Regulation and function of cell death signaling in development, growth, and aging


Cell death in adult tissue homeostasis

Cell death occurs not only in developmental stage but also is observed in adult. In human, more than 2 x 1011 cells are thought to be replaced everyday. That consists about 0.5% of total cells in our body. Mutual communication of cell death and proliferation could be essential for tissue and body homeostasis and disorder of this interaction could underlie in many diseases. When apoptosis is prevented during Drosophila development, damage-associated molecular pattern (DAMPs) is released into the body fluid and activates Toll pathway through the cascade of Clip-domain serine protease Persephone/Spatzle pathogen sensors.
When apoptosis is inhibited in adult wing after eclosion, pro-inflammatory necrotic dell death occurred and systemic innate immune reaction was induced in this model. This inflammatory reaction leads to the energy wasting and altered SAM metabolism due to hyper activation of dFoxO in the fat body. These phenotypes indicate that the organisms systemically react and change their energy metabolism and methylation capacity in response to the local necrotic cells. Regulation of systemic energy metabolism by local necrotic cells may be direct cause or the factors of deterioration of some inflammatory diseases including cancer or diabetes and thus could be the novel therapeutic target.
Effective defense responses against infection, tissue damage and stress involve the entire organismal reactions. To maintain body homeostasis after tissue damage, a systemic wound response is induced, in which the response of each tissue is tightly orchestrated to avoid incomplete recovery or an excessive, damaging response. We provided evidence that in the systemic response to wounding by cuticle pricking, an apoptotic caspase pathway is activated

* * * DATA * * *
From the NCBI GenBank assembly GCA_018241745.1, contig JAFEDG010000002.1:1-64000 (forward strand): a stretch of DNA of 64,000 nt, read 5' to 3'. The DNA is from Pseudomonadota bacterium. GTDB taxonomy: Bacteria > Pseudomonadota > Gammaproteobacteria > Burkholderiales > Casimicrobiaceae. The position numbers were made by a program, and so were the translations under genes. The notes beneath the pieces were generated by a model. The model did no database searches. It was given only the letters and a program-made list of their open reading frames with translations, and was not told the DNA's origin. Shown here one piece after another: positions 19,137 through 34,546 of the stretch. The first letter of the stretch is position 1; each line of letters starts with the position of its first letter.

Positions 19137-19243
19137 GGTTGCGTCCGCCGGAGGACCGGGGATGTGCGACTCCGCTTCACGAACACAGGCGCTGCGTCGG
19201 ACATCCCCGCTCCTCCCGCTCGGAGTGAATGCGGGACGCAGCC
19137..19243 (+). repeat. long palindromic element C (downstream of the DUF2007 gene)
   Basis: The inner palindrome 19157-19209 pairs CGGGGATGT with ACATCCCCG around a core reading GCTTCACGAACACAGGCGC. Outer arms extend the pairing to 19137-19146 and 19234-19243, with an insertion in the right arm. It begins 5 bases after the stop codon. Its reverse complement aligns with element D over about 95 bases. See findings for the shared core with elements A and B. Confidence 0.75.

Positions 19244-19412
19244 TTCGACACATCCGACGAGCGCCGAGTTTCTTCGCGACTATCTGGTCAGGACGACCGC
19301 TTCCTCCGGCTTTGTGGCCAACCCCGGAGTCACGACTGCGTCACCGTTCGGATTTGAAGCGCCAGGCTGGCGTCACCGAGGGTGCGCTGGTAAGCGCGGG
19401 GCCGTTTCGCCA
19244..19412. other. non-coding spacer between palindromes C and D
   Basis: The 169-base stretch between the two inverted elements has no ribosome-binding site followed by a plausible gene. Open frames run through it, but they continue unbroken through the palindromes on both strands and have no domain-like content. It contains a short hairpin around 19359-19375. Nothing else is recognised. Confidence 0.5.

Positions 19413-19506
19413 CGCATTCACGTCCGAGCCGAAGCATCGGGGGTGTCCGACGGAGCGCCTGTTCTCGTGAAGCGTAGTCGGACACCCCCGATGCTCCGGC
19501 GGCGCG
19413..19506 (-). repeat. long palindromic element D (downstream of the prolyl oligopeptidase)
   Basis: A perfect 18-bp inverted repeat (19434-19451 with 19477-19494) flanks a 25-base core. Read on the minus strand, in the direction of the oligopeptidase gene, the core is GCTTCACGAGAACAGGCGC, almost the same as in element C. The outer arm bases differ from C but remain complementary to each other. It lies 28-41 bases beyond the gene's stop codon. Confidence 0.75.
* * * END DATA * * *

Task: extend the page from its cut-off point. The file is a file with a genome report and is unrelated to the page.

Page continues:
via reactive oxygen species (ROS) in the enterocytes (ECs) of midgut, cells distant to the wound site in Drosophila. We showed that a caspase-pathway mutant (dapaf-1/dark/HAC-1) has defects in homeostatic gut-cell renewal. Inhibition of caspase in fly ECs results in the production of systemic lethal factors after wounding. Our study indicated that wounding remotely controls caspase activity in gut ECs to dampen the dangerous systemic wound reaction.


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References
Obata, F. & Miura, M. : Enhancing S-adenosyl-methionine catabolism extends Drosophila lifespan. Nat. Commun. 6:8332, 2015, doi: 10.1038/ncomms9332

Katsuyama, T., Comoglio, F., Seimiya, M., Cabuy, E., and Paro, R.: During Drosophila disc regeneration, JAK/STAT coordinates cell proliferation with Dilp8-mediated developmental delay. Proc. Natl. Acad. Sci. U S A. 112: E2327-36, 2015. doi: 10.1073/pnas.1423074112.

Obata, F., Kuranaga, E., Tomioka, K., Ming, M., Takeishi, A., Chen, C-H., Soga, T., and Miura, M.: Necrosis-driven systemic immune response alters SAM metabolism through the FOXO-GNMT axis. Cell Rep. 7, 821-833, 2014
Ming, M., Obata, F., Kuranaga, E., and Miura, M.: Persephone/Spӓtzle pathogen sensors mediate the activation of Toll receptor signaling in response to endogenous danger signals in apoptosis-deficient
Drosophila. J. Biol. Chem. 289, 7558-7568, 2014
Takeishi, A., Kuranaga, E., Tonoki, A., Misaki, K., Yonemura, S., Kanuka, H., and Miura, M.: Homeostatic epithelial renewal in the gut is required to dampen a fatal systemic wound response in Drosophila. Cell Rep. 3, 919-930, 2013


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